Jason Young is currently in the Cherokee County jail on charges of aggravated child molestation. According to reports, he has been denied bond as there are still ongoing investigations regarding other children that may be potential victims.
Young taught private music lessons from his personal residence in Woodstock, and the Crimes Against Children Unit of Cherokee County is requesting that anyone who had their children take lessons from him come forward with information.
As a Georgia Criminal Defense Lawyer, I would like to outline what constitutes aggravated child molestation in Georgia and the potential defenses that might apply to a wrongful accusation.
Aggravated Child Molestation in Georgia
The Georgia Code defines aggravated child molestation in Georgia as:
A person commits the offense of aggravated child molestation when such person commits an offense of child molestation which act physically injures the child or involves an act of sodomy. O.C.G.A. § 16-6-4(c).
The offense of child molestation in Georgia is best explained as when a person does any immoral or indecent act in the presence of or with any child under the age of 16. Therefore, the elevated offense of aggravated child molestation occurs if the child is injured in the process or the situation involves sodomy.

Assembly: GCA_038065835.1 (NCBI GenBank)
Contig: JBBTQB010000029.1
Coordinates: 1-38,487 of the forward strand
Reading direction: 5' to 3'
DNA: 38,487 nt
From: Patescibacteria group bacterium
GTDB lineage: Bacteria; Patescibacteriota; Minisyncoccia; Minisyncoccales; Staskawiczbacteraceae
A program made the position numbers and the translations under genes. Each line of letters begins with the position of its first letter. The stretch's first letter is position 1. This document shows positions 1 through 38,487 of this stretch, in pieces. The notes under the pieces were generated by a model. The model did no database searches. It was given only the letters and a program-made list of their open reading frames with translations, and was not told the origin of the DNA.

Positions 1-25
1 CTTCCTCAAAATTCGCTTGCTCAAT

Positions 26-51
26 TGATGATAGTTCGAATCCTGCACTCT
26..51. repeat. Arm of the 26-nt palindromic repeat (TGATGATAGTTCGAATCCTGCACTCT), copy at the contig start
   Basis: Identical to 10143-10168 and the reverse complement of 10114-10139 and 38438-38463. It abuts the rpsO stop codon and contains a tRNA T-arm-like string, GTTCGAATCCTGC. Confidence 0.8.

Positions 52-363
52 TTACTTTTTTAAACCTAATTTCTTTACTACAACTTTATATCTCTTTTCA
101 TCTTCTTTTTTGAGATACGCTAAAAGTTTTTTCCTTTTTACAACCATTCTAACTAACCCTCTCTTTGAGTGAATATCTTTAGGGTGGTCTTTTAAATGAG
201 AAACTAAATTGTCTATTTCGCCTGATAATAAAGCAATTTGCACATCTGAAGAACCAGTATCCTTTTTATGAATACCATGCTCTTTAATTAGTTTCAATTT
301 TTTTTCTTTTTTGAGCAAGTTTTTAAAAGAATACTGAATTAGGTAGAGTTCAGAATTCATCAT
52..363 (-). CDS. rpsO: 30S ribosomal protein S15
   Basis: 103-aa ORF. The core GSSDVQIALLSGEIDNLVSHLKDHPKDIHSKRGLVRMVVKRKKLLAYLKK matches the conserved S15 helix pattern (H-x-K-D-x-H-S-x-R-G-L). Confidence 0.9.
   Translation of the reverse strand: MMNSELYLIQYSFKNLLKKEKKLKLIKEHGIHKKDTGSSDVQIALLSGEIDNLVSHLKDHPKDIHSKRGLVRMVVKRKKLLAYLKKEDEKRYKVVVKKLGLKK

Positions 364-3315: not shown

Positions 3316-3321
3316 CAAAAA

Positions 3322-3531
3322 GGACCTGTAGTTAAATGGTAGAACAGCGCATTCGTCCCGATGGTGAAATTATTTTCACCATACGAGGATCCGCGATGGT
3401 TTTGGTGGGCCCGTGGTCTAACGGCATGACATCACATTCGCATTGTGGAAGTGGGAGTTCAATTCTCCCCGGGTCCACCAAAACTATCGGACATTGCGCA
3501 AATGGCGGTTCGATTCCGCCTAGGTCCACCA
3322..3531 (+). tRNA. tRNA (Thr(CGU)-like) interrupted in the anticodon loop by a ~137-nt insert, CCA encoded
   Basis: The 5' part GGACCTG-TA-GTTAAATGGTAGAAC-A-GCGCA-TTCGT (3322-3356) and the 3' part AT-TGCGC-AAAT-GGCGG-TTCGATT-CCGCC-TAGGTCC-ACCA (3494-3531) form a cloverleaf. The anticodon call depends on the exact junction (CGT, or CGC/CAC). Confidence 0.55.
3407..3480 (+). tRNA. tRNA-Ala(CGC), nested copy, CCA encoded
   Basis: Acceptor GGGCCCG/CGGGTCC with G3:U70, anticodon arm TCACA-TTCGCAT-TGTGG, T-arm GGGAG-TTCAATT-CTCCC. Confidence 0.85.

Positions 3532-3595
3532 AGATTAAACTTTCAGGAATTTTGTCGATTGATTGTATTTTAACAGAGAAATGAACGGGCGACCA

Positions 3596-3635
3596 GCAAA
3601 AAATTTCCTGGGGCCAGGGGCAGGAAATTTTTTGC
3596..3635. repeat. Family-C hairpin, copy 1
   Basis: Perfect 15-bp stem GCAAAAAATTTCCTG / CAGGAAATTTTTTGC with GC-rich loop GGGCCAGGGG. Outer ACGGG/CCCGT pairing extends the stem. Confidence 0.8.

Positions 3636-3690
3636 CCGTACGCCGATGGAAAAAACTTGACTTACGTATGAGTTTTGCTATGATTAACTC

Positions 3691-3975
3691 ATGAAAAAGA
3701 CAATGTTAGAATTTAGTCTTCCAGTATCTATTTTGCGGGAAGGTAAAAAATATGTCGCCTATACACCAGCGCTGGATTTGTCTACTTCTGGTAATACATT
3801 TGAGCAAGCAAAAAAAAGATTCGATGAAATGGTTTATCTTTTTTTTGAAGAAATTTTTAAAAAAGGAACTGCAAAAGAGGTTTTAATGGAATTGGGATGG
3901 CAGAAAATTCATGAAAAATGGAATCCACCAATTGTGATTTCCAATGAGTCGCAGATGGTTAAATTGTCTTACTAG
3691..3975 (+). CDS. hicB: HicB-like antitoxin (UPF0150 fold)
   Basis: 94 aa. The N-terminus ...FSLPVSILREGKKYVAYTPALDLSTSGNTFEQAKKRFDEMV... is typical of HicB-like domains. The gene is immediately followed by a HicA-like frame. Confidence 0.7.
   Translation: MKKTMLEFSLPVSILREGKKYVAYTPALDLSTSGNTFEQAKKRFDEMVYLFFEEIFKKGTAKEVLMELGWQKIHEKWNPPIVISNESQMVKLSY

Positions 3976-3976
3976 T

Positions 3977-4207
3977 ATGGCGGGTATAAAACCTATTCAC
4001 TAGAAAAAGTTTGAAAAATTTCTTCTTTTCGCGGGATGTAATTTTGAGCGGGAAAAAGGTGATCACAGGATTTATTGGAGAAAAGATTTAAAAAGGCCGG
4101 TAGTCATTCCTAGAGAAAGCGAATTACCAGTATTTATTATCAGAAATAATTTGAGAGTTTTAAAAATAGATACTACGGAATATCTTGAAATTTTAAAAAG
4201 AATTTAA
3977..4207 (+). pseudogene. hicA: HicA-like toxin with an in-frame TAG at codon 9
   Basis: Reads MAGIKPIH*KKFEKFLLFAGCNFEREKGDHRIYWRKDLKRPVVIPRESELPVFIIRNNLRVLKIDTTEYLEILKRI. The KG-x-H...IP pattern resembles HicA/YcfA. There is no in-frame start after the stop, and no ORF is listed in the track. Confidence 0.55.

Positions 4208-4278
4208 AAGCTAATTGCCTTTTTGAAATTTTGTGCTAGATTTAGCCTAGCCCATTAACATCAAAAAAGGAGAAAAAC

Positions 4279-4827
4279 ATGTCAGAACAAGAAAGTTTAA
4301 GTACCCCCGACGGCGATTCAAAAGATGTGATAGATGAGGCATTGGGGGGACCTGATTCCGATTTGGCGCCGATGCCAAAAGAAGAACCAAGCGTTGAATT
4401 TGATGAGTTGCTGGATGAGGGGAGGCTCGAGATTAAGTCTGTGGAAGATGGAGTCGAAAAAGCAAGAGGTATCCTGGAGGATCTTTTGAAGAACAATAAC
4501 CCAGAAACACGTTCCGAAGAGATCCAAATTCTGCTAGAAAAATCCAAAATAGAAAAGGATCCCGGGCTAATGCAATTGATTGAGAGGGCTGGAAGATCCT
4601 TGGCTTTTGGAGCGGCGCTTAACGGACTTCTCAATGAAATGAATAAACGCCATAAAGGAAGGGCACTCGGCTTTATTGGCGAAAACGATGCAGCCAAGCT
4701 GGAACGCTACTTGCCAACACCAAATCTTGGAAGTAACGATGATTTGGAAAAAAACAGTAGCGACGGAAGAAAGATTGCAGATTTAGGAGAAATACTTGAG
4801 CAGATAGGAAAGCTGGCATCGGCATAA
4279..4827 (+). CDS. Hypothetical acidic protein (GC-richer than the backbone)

In order to be convicted of aggravated child molestation, the state of Georgia must prove the accused person is guilty beyond a reasonable doubt. This can only be done by demonstrating that all the elements of child molestation and aggravated child molestation have been met.
If convicted of aggravated child molestation, the convicted person will be guilty of a felony in Georgia. The penalty can include either a life sentence in prison or a split prison sentence meaning 25 years in prison followed by probation for life.
A conviction for aggravated child molestation also means that the offender must register on the Georgia Sex Offender Registry.
I always point out that Sex Crimes in Georgia are so highly stigmatized that people tend to judge accused people as guilty from the moment the accusation or arrest occurs. This makes it very difficult for anyone to receive a fair chance.
Everyone has the presumption of innocence until proven guilty beyond a reasonable doubt. Here at Lawson & Berry, we understand this concept, and if you or a loved one has been accused of a crime in Georgia, we will listen to your side of the story. We will also investigate all the details of your case and determine which Georgia Criminal Defenses apply.
With a crime like aggravated child molestation, wrongful accusations unfortunately do happen too often. However, there are defenses that apply to aggravated child molestation. These defenses include:
- Lack of Evidence of an Injury
- Lesser Included Offenses in Georgia
- Mistaken Identity of the Offender
These are just some of the defenses that may apply. Again, if you or a loved one has been accused of aggravated child molestation in Georgia, contact us today.